Whither non-BJP politics?text_fields
Quoting Jawaharlal Nehru, Mani Shankar Aiyar, senior Congress leader and ideologue wrote in the Hindu of Thursday, "Majority communalism is worse than minority communalism. That is what we should be telling the saffron brotherhood today rather than competing with them to determine who is more Hindu…. We should be asking instead: who is more secular, the congress or the BJP? We are trying to usurp their space. We would be better advised to fight for our own principled Ídea of a sescular India' whatever the perceived electoral cost."
Events unheard of in India's political history have been happening. A state ceases to be a state overnight; instead two centrally administered territories come into being. Both happened on 5 August last year. But on the first anniversary of that disrupting step, the BJP is moving ahead with its agenda giving no respite to remember that and by laying the foundation of Ram temple. Perhaps on 5 August next year, they may announce a uniform civil code, as anyone observing the BJP's systematic and gradual manner of executing its agenda is prompted to guess. Viewed in another perspective, the party is making steady success in clinching its deal meticulously.
The rulilng part is furthering its political interest without leaving room for any mistaking by anyone. However, when it comes to the question of the future of non-BJP politics, even the parties concerned are unable to find an answer themselves - the new feature of Indian politics. An illustration of cluelessness of the main Opposition party Congress about what they are doing, or have to do, is the series of statements made by Congrss leaders about the Ram temple construction. As Mani Shankar aiyar indicated, there are enough number of leaders who deem it fit to toe the BJP's Hindutva line of politics. But they lose sight of the fact that when the BJP is already there with its dense ingredient of Hindutva, there is little for the Congress to gain. This path of the Congress will only result in gifting its rank and file and voters to the BJP on a platter. On the reverse, if they decide to take on Hindutva politics face to face, they are scared of losing the majority community's votes. The case of the left is still more curious. Their stance amounts to producing every cultural element for the growth of Hindutva and at the same time opposing the Hindutva party politically. In the process, they too fail to ponder who will benefit from this.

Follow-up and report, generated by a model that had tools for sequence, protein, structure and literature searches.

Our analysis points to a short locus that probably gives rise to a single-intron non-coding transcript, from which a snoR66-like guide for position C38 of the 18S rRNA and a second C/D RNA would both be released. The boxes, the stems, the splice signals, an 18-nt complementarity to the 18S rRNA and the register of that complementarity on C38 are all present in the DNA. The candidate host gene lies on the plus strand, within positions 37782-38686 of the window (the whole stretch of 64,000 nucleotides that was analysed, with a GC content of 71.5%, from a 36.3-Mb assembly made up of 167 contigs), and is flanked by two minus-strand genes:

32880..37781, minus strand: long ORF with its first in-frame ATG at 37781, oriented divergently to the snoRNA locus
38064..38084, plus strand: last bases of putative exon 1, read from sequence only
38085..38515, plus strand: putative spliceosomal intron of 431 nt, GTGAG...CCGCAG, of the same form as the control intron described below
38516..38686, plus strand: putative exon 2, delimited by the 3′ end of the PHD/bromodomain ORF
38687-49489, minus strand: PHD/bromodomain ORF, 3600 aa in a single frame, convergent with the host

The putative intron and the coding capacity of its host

The biggest crisis felt by non-BJP politics of India is its lack of political imagination. Without evolving a new political vision, they cannot overcome this obstacle. The chief platform on which non-BJP parties should position themselves is of challenging the BJP's centralised, highly muscular and monolithic nationalistic narrative. One of the cleverly executed plans being pushed forward since Narendra Modi's ascension to power is to gradually erode the rights of the states. And the party does not do this by overtly declaring that they are gradually taking away states'powers, but by reducing the relevance of states through fancy projects. The main streak running through the Centre's reforms, right from GST to the most recent National Education Policy (NEP), is a concept of an all-powerful centre and states sans rights.
However, opposition parties unfortunately fail to see through this strategy. In other words, because they try to emulate the nationalistic approach of the BJP, they lose the ideological stamina to resist it. And this is where regional parties become more relevant. Regional parties do wield considerable influence in Tamil Nadu, Andhra, Telengana, Maharashtra, Odisha, Bihar, West Bengal and North eastern states. In many of them, they are the ruling parties capable of energising a political philisophy where sub-national identities can win their due recognition. National parties like the Congress should be able to develop their own politics through engagements with such political entities. Two major forces that can offer the strongest defence at the national level against the sangh parivar politics, are Dalits and Muslims. However, because of its inability to wriggle out of the well-entrenched savarna leadership, the Congress is incapable of mustering the striking power of this political stream or to integrate them. If formed, such a collective will be the most robust political front that can be raised against BJP politics. And the truth is that without re-inventing its political imagination in concert with a social alliance including Dalits and Muslims, the opposition will not be able to make much headway. As a beginning, they should at least realise that there is nothing to gain by copying BJP.